The internet is rampant with the idea that wild animals are really harmless and ultimately want to be our friends.The reality is that they are wild animals and exist more on instinct and survival mode than they do on the desire to be liked.

While this may seem harsh, it is important that anyone entering a wilderness area understand that wild animals can be dangerous. The unwillingness to accept this has cost people their lives. From a tourist jumping into a polar bear pen to swim with them to wildlife advocates determined to prove grizzly bears are not dangerous, all have provided lethal results. Admire wildlife for their beauty and majesty, but also respect the dangers that they present.

In North America, we have a substantial number of dangerous animals. The ability to understand the danger they present is the first step to avoiding a problem all together.

Bear Dangers

Many areas across the U.S. have bear populations. From black bears to the almost legendary grizzly, they should all be treated as dangerous. Ranging in size from 150 pounds to almost 800 pounds, bears are well equipped for hunting and defense. Strong jaws full of teeth accompanied by powerful claws make the bear a serious predator. Beyond the knowledge that bears inhabit most heavily wooded areas in the northern part of the U.S., we can also look for signs of their presence:

Tracks: Bear tracks are recognized by the heavy impression of the ball of the foot. You’ll see five toes and claw prints on each.

Scat: The polite terminology for animal waste. Similar in appearance to most other meat eaters, it can also have grass and fiber present.

Carcasses: If you are in a bear area and see large numbers of crows or vultures, it may be a carcass. This is one of the major alerts you should heed as a warning to leave the area immediately. An animal that’s feeding can be very dangerous.

Territory Markings: Many times bears will claw into trees in order to mark their territory.

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Big Cat Attacks

Mountain lions are the largest cat in North America. Once found in all 48 continental states, they are now mainly found in the Midwest and western states. Also known as cougars or pumas, they can weigh as much as 220 pounds and can be almost 8 feet long from nose to tail. They are undeniably one of the apex predators in North America. Looking for signs of big cats can help you avoid a dangerous confrontation. Here are some pointers:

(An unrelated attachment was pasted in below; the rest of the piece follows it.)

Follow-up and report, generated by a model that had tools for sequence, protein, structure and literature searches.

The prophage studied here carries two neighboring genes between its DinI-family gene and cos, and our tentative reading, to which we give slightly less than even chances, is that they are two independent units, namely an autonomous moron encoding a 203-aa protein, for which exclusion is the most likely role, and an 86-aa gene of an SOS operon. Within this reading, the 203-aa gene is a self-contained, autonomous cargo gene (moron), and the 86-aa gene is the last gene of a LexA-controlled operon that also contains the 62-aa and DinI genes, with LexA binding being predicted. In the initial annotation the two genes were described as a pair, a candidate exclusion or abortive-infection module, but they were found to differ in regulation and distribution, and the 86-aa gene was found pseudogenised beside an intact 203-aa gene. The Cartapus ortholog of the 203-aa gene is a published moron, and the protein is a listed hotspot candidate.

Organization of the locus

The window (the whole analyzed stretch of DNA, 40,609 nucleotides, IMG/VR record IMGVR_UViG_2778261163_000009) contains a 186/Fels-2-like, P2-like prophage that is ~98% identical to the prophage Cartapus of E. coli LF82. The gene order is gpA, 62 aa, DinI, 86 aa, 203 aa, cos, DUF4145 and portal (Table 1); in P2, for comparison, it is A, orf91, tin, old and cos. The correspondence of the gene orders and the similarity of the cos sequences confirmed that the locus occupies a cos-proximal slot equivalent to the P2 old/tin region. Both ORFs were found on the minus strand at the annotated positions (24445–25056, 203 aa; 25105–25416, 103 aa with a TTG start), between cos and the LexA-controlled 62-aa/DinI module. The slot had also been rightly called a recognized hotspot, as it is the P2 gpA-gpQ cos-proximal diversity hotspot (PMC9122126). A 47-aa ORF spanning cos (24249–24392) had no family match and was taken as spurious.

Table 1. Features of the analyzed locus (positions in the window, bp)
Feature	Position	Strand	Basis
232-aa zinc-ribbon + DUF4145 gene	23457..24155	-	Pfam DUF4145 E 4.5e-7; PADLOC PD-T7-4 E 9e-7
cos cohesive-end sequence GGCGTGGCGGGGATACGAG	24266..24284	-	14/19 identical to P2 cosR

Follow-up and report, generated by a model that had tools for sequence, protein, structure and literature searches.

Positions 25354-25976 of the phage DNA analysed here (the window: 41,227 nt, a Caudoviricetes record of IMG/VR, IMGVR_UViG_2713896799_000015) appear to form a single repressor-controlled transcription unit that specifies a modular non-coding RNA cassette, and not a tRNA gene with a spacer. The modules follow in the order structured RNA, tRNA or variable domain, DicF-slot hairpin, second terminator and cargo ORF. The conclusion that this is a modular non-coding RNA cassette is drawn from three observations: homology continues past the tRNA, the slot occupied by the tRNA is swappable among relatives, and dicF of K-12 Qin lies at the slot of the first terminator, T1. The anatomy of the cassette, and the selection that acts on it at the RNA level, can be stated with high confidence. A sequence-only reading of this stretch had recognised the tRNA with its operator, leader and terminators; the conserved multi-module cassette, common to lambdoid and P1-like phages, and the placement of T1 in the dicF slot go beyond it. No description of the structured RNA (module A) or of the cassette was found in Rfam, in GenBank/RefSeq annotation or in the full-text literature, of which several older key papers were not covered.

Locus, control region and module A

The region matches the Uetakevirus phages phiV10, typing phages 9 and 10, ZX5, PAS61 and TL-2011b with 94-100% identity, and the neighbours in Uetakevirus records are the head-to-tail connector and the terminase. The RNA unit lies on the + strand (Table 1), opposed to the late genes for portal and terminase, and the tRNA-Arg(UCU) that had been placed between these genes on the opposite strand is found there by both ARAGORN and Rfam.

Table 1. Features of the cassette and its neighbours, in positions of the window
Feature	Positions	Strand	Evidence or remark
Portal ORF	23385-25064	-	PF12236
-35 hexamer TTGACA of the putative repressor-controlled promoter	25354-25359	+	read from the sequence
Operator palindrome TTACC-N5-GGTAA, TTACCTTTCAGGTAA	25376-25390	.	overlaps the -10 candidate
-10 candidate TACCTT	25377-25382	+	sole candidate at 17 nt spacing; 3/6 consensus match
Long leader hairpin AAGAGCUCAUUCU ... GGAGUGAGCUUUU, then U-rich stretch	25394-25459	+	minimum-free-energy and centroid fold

Tracks: Many people confuse dog tracks for mountain lion tracks, and vice versa. The primary characteristics of a mountain lion print are three distinct lobes on the bottom of the pad. You’ll see four toe prints with no claw or nail imprints. This is the best way to distinguish the tracks from those of canines.

Scat: Mountain lion waste resembles that of a common house cat but on a much larger scale.

Animal Attack Signs: Mountain lions are known to drag their pray off into high brush or other areas to feed. Note the tracks this leaves.

Sounds: While mostly quiet, mountain lions have been known to make some vocal sounds. When they do, it often sounds like a person whistling or a bird chirping. When they growl, they sound like an overgrown house cat.

Wolves And Big Game

The wolf is one of the most storied and legendary creatures of the woods. The source of unlimited tales and myths, the wolf has earned a place in the psyche of the human race. While not as common as they once were, there are still regions that maintain a large number of wolves. Unlike the average house dog, wolves are large and resourceful predators. Many males can weigh close to 100 pounds and have over 400 pounds of bite force. They are nothing to be trifled with. By keeping your eyes open and being aware you can avoid an unpleasant encounter with a pack.

Tracks: While they may resemble the tracks of large dogs, they will be almost in a straight line with very little side-to-side printing. 

Scat: Wolf scat will be similar to domesticated dogs, but usually has hair and bones from its prey present.

Kill Sites: Wolf kill sites are easy to distinguish. The area around the kill will generally have many wolf tracks with multiple trails going in and out of the site.

While one may be skeptical about the idea of being attacked by a deer, elk or moose, the danger is real. Any animal that feels threatened and has no way to escape will fight. With antlers and sharp hoofs, an attack by any of these animals can turn from comical to dangerous, if not lethal. Signs of large herbivores follow the same pattern for any wild animal. Be attentive and never try to get closer to any wild animal. Here are some tips:

Tracks: The size of the tracks will depend on the animal. They are hoofed and the tracks should have fairly sharp edges.

Scat: Scat will be fibrous and almost pellet-like. The size and amount will vary depending on the size and species of the animal.

Sounds: While generally quiet most of the time, elk are well known for “bugling,” their mating call.

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Always Alert

Wild animals are naturally interesting and beautiful. Our curiosity will nudge us to get “just a little closer,” maybe to get that one great photo or perhaps just to get a better look. The wild animal on the other end of that thought, however, may perceive you as a threat. At best, they will run off. At worst, you could end up fighting for your life. Being educated and aware of the dangers of wild animals is the best way to help you enjoy the beauty of the outdoors. 

This article was originally published in SURVIVOR’S EDGE ™ Winter 2015 magazine. Print and Digital Subscriptions available here